There are some misconceptions about congestive heart failure, also known as CHF. To answer the question what is congestive heart failure, it is necessary to first clarify what it is not. First of all, it is not distinct from heart failure. In the medical field both terms mean the same. Heart failure and congestive heart failure are therefore synonymous with respect to documentation and coding.
Heart failure does not mean the heart stops beating. The term for that is cardiac arrest. Cardiac arrest can be the terminal event of heart failure but many other conditions can cause it. A source of confusion is incorrect information on death certificates. When a death certificate asks for the cause of death it is not referring to the terminal event itself. Unfortunately, cardiac arrest sometimes appears on the death certificate as the cause of death when in fact an underlying disease was the cause of the cardiac arrest. In that case, the underlying disease that led to the cardiac arrest is the cause of death and cardiac arrest is the terminal event.
There are only two broad categories of terminal events. They are the failure of the heart to beat properly or at all and impaired or absent exchange of oxygen and carbon dioxide through the process of ventilation. Since the immediate event leading to the death of anyone who dies falls under one of these categories it is important to understand the distinction between the cause of death and the terminal event. Otherwise, many will believe that individuals died of CHF, when in fact they did not have it at all.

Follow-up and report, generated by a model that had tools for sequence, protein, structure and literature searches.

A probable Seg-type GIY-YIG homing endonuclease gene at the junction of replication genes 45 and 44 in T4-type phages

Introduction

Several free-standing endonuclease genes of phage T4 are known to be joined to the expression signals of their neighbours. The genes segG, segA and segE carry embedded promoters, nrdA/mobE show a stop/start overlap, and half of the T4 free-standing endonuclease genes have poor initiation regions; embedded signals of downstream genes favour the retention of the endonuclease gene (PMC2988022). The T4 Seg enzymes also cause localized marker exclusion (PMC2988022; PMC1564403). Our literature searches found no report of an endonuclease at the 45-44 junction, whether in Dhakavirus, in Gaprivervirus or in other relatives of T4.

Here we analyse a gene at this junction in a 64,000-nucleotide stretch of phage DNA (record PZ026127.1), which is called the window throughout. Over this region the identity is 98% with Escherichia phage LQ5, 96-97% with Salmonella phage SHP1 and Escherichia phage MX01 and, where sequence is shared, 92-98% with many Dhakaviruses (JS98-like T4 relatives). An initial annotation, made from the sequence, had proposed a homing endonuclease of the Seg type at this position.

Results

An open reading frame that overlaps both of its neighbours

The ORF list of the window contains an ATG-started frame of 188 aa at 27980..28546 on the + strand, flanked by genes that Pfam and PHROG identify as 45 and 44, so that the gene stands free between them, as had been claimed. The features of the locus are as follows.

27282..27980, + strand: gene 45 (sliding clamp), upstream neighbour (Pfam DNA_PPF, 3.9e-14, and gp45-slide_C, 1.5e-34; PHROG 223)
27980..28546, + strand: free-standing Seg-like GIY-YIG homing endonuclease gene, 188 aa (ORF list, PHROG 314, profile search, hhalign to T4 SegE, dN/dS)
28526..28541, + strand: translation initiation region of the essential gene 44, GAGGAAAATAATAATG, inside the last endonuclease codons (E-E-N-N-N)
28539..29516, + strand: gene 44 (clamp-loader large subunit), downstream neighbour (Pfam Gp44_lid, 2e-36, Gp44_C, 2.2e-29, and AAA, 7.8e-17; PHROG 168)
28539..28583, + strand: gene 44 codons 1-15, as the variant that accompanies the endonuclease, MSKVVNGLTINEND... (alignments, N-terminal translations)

Congestive heart failure is a state of fluid and pressure buildup in the heart, blood vessels and lungs – plus or minus other tissues – resulting from mechanical dysfunction of the left side, right side, or both sides of the heart. It most commonly is a result of the cardiac muscle being too weak to pump out as much blood as it receives. Consequently, it is not able to eject sufficient amounts of blood to provide tissues with much needed oxygen. Additionally, the reduced blood flow to the tissues is not sufficient to remove carbon dioxide, a waste product produced by them.
Although a weak heart is the most common cause of CHF, it is a misconception to believe that the condition cannot exist when the strength of the heart is normal. That is because the same state of pressure and fluid buildup can occur when the heart cannot fully relax and normally fill with blood in between beats.
Congestive heart failure can be acute or chronic. The terms acute and chronic have more to do with how rapidly symptoms of the condition develop and whether or not they are stable than the severity of the symptoms.
Although a heart attack is a common cause of CHF many other conditions can cause it. Therefore the terms are not synonymous.
Heart disease is the major cause of death worldwide and congestive heart failure is one of the leading causes of death in the United States. Therefore knowledge of it is important. This is particularly true in today’s changing health care climate in which health literacy is not an option but a must.